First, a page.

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Microsoft word - we-183 _marco_ .doc

(+)Catherine A. Marco, MD, FACEP
Professor, Director of Medical Ethics
Curriculum, University of Toledo College
of Medicine
If It's Dry, Wet It; If It's Wet,
Dry It: A Commonsense Guide
to Dermatologic Therapy

Pharmacologic management of dermatologic conditions isn’t
really that simple. This presentation well review classes of
dermatologic pharmacology, including not only emollients,
drying agents, and steroids, but also other treatments such as
antibiotics, antifungal agents, antivirals, chemotherapeutic
agents, immunomodulators, and other treatments for
common cutaneous conditions. Learn what to use and what
complications might develop.
• Review standard treatment regimens for common skin • Discuss recent advances in treatment of common • List common pharmaceutical agents used in therapy of • Identify patients in need of referral to a dermatologist. WE-183 Wednesday, October 29, 2008 10:00 AM - 10:50 AM McCormick Place - Lakeside Building (+)No significant financial relationships to disclose “If It’s Dry, Wet It: If It’s Wet, Dry It;
Otherwise, Use Steroids”…?
A Commonsense Guide to
Dermatologic Therapy”
Catherine A. Marco, MD, FACEP
Professor, Department of Surgery, Division of Emergency Medicine University of Toledo College of Medicine Review standard treatment regimens for common skin conditions. Discuss recent advances in treatment of common cutaneous conditions. List common pharmaceutical agents used in therapy of cutaneous conditions. Identify patients in need of dermatologic referral or consultation.
Introduction
Skin diseases constitute a significant fraction of health care economics in the United
States. Cutaneous complaints result in approximately 10% of outpatient medical visits
and $36 billion in health care annually, including $20 billion in ambulatory care costs and
$3 billion in prescription costs, and $2 billion in indirect costs (lost work days, etc.).
Rapidly advancing diagnostic and therapeutic technologies result in novel dermatologic
agents, and novel uses of traditional agents.
Is there truth to the old adage: “ If It’s Dry, Wet It; If It’s Wet, Dry It; Otherwise, Use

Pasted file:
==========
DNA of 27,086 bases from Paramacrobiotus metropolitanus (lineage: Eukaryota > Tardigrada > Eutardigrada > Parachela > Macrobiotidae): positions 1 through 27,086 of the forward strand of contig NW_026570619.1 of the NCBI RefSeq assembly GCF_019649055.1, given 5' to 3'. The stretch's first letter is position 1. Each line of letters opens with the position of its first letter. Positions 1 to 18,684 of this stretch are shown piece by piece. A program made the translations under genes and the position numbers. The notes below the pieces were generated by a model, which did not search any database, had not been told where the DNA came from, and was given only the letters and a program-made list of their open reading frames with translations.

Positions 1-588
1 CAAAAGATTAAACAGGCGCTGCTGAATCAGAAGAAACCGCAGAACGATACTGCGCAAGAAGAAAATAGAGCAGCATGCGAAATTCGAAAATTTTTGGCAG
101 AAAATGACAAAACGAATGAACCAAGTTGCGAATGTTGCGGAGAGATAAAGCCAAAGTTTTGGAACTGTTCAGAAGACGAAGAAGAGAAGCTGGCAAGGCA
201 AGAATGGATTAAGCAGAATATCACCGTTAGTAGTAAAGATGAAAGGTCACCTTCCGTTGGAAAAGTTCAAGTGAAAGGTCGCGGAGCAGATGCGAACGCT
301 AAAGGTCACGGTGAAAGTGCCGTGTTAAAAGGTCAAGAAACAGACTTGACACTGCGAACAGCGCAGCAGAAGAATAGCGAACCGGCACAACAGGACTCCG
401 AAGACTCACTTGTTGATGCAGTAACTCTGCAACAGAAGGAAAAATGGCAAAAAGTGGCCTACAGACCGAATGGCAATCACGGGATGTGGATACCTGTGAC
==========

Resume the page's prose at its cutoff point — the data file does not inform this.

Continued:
Steroids” ??? Indeed, there is some truth to the ancient advice that selection of vehicle
and formulation are important, and that steroids are frequently therapeutic for
inflammatory skin conditions. In addition to a review of vehicles, formulations, and
steroids, this lecture will address other commonly prescribed systemic and topical
medications used to treat dermatologic disorders.
There is an overwhelming amount of literature on the subject of skin therapies (66,411
published articles in the past 10 years!). This presentation will highlight a select group
of therapies for dermatologic complaints seen in emergency medicine. Continuing
medical education about new therapies represents an essential component of the effective
delivery of quality medical care. Dermatologic consultation should be sought when
appropriate. Pharmaceutical references should be used to assist in prescribing
appropriate dosages and routes of administration.
OVERVIEW: CATEGORIES OF DERMATOLOGIC THERAPEUTIC AGENTS
Systemic Topical Mucosal
Photodynamic
Intralesional agents
II. VEHICLES FOR TOPICAL DERMATOLOGIC AGENTS
Case 1:
A 35 year old man with longstanding psoriasis presents with an exacerbation of symptoms. He requests
“that new foam – it’s better than the cream, isn’t it?”

A.

Emollients
mineral oil, baby oil (Eucerin, Aquaphor, “moisturizers” (primarily water, fragrances) Retard water loss, occlude the treatment molecules, increase skin Ointments, creams and gels: emulsions of oil in water Increase even distribution and absorption Emulsifying
Create oil-in-water preparations (creams, lotions) Humectants